PUTRAJAYA • A Syrian man who has been stranded at the budget terminal of Kuala Lumpur International Airport (KLIA) for more than a month may be allowed to stay temporarily in Malaysia, provided he passes a security vetting process, said Deputy Home Minister Nur Jazlan Mohamed yesterday.
The minister said the government is aware of the plight of Mr Hassan al-Kontar, 36.
Videos on his predicament have gone viral on social media.
"The ministry will consider issuing the man a special pass but under the Syrian Refugee Programme here which has been running for over two years," Datuk Nur Jazlan told reporters after attending an event, The Star newspaper said.
There are more than 3,000 refugees under the programme. "He has to be vetted first to ensure there is nothing wrong with his background in his home country," the deputy minister said.
Reuters reported that the Syrian has been stuck in transit at KLIA2 for more than a month.
Mr Kontar, reached by the Malay Mail Online (MMO) news site, said living in Malaysia would be difficult even if he were given a special pass to enter the country.
He said he is worried that he would struggle to find a job in Malaysia and may end up a refugee again when his passport or special pass expired.
He told Reuters that he was living in the United Arab Emirates when war broke out in Syria. He was deported to Kuala Lumpur in 2016, he said, after the Syrian embassy in the UAE refused to renew his passport.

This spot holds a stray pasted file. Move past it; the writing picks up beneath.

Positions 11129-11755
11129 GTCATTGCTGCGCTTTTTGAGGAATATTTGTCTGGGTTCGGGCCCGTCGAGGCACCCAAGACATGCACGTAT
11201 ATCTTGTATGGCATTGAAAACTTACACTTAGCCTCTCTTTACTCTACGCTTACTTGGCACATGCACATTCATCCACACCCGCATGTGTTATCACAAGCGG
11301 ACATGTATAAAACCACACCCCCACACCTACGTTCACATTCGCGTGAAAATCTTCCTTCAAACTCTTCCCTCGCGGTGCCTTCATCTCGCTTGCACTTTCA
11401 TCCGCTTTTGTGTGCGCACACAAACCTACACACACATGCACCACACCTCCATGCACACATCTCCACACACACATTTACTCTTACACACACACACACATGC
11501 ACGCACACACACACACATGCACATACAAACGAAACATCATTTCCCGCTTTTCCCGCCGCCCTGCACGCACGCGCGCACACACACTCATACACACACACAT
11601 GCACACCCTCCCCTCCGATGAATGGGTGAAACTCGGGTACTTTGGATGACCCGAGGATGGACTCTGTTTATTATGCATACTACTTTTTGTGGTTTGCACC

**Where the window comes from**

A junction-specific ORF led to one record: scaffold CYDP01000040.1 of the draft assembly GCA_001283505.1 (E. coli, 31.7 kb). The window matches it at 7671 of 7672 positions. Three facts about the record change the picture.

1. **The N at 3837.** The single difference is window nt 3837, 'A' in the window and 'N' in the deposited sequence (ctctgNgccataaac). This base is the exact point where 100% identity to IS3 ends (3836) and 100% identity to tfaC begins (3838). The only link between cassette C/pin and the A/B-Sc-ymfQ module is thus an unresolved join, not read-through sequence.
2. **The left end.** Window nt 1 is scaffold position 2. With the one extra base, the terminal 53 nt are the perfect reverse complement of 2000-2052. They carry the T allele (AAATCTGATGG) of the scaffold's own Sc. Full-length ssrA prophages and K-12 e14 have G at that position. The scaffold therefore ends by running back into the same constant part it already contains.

"I am extremely grateful that the Malaysian government has acknowledged my situation but something like removing me from the blacklist or giving me a pass is a short-term solution to the life-long problem I face," he told MMO.
Mr Kontar also said he needed to enter a country that has lower living expenses.
"It is too expensive here in Malaysia. I've also tried looking for jobs here but it did not work out," he told MMO. "I need to go somewhere that will give me a refugee visa; I never want to be placed in this predicament again."
Reuters reported on Thursday that Mr Kontar has been posting video blogs of his daily life on Twitter and Facebook. These have attracted the attention of human rights groups and the media.
The former insurance salesman said he had been living at KLIA2 since March 7, and fears arrest if sent back to Syria where a civil war has been raging for seven years.
"I am afraid of being deported to Syria, not because I'm a coward, not because I don't know how to fight, but because I don't believe in fighting," he told Reuters via Skype.
"I don't want to be a killing machine, destroying my own home and harming my own people."